Citrus for Breakfast: The Amazing Health Benefits
My grandma used to say that in order to not get sick, we had to eat oranges (or drink the juice). But oranges are the only fruits, and they can provide a lot of other benefits, especially at the beginning of the day. In this article, we’re going to talk about the benefits of having citrus for breakfast, first thing in the morning.
Properties of citrus (that you probably didn’t know about)
We’re here to demystify the amazing power of oranges, lemons, and nectarines. They all have many properties you’ve probably never heard about.
Citruses have a lot to offer besides just strengthening your immune system and helping you kick a cold (or avoiding one in the first place) because of vitamin C.
They’re an endless source of natural benefits, and they’re great to use any time of the year. Below, we’re going to describe in detail a few of the positive aspects of eating citrus:
Caring for and toning skin
Mandarin oranges have several medicinal and cosmetic benefits, thanks to their high vitamin C content. You can eat them, but they’re also great as an ingredient in homemade masks.
But what exactly do they do? They help tone your skin, get rid of dirt and grime, and treat irritation. But when eaten, they also improve blood circulation.
Oranges are especially good for managing tiredness, chronic fatigue, and nerves.
This is because they contain extremely beneficial stress reducing substances like calcium, iron, and magnesium. They also improve your vision and intestinal function, and strengthen your bones.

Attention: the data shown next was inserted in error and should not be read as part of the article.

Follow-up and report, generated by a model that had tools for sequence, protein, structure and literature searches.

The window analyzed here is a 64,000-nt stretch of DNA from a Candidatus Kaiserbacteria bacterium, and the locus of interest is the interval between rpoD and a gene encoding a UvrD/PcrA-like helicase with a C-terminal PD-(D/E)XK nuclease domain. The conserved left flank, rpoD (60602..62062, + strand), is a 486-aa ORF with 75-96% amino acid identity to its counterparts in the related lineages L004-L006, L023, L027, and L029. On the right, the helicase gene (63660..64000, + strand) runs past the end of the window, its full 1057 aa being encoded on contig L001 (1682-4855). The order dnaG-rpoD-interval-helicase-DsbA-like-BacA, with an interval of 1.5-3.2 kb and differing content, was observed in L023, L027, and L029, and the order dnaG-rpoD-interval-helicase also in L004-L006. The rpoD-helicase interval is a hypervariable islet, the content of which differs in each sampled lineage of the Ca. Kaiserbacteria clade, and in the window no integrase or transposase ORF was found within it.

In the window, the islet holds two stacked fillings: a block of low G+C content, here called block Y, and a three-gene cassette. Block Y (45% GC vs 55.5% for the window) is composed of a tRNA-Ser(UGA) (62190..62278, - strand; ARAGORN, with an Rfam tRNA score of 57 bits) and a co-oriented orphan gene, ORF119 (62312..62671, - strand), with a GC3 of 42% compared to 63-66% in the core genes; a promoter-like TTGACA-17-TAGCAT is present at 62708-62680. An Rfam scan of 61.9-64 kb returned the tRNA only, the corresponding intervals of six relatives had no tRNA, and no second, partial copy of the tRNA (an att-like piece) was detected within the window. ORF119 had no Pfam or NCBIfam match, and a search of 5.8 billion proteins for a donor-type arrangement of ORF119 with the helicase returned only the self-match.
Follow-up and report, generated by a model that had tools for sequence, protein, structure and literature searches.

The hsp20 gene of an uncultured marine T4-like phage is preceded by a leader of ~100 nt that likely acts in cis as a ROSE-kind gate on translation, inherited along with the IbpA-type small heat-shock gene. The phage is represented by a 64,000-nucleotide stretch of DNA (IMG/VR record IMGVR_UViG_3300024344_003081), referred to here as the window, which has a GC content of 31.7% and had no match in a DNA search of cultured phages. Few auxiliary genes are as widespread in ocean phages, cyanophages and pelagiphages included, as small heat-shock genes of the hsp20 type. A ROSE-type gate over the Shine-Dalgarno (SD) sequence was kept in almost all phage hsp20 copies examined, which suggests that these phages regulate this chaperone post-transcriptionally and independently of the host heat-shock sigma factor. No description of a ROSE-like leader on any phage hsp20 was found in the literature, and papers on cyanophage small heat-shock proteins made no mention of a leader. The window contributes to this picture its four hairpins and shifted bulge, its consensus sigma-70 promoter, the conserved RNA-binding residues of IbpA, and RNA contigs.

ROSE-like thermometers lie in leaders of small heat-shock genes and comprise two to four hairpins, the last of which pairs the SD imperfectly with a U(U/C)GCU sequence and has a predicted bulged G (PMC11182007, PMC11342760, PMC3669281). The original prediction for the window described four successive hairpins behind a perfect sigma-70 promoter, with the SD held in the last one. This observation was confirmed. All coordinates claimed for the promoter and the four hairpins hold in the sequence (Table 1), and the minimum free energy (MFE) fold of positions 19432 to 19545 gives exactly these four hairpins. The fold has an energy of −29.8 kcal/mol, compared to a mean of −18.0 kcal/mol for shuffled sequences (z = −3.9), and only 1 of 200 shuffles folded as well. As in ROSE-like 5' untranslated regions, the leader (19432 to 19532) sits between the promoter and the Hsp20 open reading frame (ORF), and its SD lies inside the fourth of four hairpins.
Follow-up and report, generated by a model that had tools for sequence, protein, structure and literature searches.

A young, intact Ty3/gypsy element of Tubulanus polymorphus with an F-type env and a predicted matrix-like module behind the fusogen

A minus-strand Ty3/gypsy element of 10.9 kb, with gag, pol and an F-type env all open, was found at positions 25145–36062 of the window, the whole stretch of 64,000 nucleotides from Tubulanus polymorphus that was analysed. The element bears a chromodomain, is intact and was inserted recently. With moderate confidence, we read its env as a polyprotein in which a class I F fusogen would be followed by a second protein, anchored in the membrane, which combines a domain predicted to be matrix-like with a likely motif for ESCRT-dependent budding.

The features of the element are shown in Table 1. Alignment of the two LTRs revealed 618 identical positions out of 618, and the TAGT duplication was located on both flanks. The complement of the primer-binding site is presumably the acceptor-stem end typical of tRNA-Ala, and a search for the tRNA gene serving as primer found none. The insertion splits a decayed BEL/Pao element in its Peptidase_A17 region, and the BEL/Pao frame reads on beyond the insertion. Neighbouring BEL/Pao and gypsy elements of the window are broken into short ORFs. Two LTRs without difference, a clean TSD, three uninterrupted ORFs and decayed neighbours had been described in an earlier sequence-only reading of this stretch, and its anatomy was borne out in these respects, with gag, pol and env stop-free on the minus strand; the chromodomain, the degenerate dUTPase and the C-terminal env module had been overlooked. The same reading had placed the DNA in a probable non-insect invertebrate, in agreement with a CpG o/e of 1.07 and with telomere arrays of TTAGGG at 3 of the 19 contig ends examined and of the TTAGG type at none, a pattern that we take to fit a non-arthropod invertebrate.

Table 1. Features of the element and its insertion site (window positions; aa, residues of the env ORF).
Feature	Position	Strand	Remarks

Because of the citric acids and mineral salts contained in oranges, they also improve your mood. That’s why it’s so great to drink orange juice in the mornings, you’re guaranteed to be smiling all day!
They treat post-vacation syndrome
Lemons fight viral infections and help with weight loss.
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But they’ve also been shown to help with depression, apathy, and lack of concentration, which are all common when returning to work after vacation.
This syndrome, which also leads to anxiety, bad moods, and headaches, is easy to treat: just add lemons to your salads.
We also recommend drinking lemon tea in the morning (half an hour before breakfast) to feel more energetic and emotionally balanced.
In this case, you use a different part of the plant (not the fruit). Orange leaves are perfect for relaxing at bedtime. Unlike the juice, we recommend drinking an orange leaf tea at night instead of in the morning.
Its calming properties will help you get to sleep within a few minutes, so you can get all the rest you need.
During the day (including at breakfast) this infusion can help reduce fevers, calm headaches, and treat digestive problems, especially if they’re caused by stress and nerves.
Grapefruit is one of the lesser known citruses, although it also has amazing cleansing properties. It’s perfect for eliminating toxins that build up in the body.
And as if that weren’t enough, it also helps:
- Prevent anemia
- Reduce cholesterol levels
- Reduce high blood pressure
- Balance blood sugar levels
It even has antiseptic properties. Eating a grapefruit before breakfast helps burn the fat that builds up in the stomach region.